From the plain humorous to the downright absurd, I’ve been on the lookout for funny paper titles in the recent months. So here’s a small collection of what I’ve found. Not all have clever titles, some rather seem to be genuinely weird due to their content. But I’ll take what I can get. Here goes:
Wilhelm, Kaltwasser, & Hildebrandt: Will the Real Factors of Prosociality Please Stand Up? A Comment on Böckler, Tusche, and Singer (2016)
This is the one that got me started on this a few months ago, when I was researching some personality literature. What usually makes these titles work for me is the juxtaposition of these silly references with the formality of academese. Like here, where it sounds like old grey-haired men are referencing Eminem.
O’Neill & Russel: “Stop! Grammar time: University students’ perceptions of the automated feedback programm Grammarly”
This one follows the same hilarious formula, but, in my opinion, works a little better. I guess it is because the ludicrous first part is short and sweet and ties in better with the rest of the title, where Wilhelm et al.’s was a little bumpy and artificial.
McConnell, Brown, Shoda, Stayton, & Martin: Friends with benefits: on the positive consequences of pet ownership.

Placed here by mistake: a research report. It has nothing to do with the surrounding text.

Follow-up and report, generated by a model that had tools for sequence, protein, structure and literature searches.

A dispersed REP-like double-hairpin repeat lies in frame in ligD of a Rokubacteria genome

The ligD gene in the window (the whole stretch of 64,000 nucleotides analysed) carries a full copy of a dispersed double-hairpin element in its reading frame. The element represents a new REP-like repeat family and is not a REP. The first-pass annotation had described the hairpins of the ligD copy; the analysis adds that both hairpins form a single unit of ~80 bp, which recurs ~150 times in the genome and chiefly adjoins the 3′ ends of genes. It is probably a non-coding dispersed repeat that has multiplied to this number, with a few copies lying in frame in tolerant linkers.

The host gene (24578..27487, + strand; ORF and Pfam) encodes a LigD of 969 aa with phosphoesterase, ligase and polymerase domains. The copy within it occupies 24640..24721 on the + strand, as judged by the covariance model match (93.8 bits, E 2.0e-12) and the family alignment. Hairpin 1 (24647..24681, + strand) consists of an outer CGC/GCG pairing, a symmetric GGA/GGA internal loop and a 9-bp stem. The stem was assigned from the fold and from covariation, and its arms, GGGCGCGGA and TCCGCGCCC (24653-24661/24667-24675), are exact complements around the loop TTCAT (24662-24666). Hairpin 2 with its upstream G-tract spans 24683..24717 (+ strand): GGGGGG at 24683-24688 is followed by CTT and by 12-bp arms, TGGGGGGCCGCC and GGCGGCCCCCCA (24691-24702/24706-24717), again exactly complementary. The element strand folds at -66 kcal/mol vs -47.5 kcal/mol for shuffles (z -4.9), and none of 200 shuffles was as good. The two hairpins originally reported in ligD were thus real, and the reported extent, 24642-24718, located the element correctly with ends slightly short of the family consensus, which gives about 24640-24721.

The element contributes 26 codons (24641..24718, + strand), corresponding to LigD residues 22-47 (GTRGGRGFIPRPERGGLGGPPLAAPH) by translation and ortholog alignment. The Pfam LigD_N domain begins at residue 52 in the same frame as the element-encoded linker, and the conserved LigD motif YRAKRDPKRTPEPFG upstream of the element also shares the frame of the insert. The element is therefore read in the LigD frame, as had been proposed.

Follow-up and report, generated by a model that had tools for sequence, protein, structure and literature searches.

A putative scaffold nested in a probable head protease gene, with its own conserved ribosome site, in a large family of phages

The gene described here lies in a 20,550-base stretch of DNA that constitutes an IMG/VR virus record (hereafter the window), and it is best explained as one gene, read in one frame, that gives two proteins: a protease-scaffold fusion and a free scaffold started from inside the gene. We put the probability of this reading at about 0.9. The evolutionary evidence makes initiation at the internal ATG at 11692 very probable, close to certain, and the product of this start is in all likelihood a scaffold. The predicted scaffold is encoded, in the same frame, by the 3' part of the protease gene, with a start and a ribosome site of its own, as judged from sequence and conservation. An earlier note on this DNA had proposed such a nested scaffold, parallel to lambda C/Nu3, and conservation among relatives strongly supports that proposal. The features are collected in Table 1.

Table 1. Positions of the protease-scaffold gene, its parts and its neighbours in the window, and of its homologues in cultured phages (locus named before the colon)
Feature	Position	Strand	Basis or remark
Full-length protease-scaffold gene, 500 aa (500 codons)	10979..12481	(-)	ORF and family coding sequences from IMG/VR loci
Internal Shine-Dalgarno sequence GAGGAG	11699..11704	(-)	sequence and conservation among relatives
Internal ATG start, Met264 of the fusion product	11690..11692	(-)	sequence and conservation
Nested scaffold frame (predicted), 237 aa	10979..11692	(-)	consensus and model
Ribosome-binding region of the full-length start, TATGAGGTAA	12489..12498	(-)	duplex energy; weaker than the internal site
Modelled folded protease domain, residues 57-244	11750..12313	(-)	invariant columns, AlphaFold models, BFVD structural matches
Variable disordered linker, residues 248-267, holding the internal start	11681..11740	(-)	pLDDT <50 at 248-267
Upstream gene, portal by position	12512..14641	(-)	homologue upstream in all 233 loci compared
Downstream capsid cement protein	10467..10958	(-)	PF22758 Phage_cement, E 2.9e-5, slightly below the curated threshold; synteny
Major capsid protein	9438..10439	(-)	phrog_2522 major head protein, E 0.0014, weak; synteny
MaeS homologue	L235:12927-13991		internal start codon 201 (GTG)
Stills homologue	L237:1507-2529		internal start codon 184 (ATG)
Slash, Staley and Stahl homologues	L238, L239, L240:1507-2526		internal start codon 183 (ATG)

This one is…weird. Either the authors either *really* wanted to catch readers attention (it worked for me) or they collectively weren’t aware of the fact that this phrase has a very specific meaning. I’m surprised this wasn’t prevented by the editor.
Sendler: Similar mechanisms of traumatic rectal injuries in patients who had anal sex with animals to those who were butt-fisted by human sexual partner.
Now this is something else entirely. As far as I can tell, no deliberate attempt at humor was made here but that doesn’t mean it isn’t severely WTF. There’s actually an interesting backstory to this. It seems that the sole author of the paper, Damian Sendler, is somewhat of a fraudster who loves to publish on erotic asphyxiation, zoophilia and the likes. Contrary to what his vita says, he is not a medical doctor and didn’t got to Harvard. There’s some interesting investigations on him here and here
Chaddock, Neider, Hillmann, Kramer: Role of childhood aerobic fitness in successful street crossing.
Now, I’m 100% sure this one is not trying to be funny and the topic is actually quite serious, but there’s something weirdly hilarious about how the title is phrased. Fortunately, this trial was conducted in a virtual reality environment. Oh, and if this title made you curious, indeed, the fitter children were more successful at crossing the street.
Sagi & Yechiam: Amusing titles in scientific journals and article citation
To end this admittedly pointless blog post with a little lesson: Should we try to shoot for funny in our next paper? This study suggests no. Here, highly amusing titles received less citations. If you still want to get ambitious with your title choice, shoot instead for pleasantness, as this was moderately and positively associated with citations.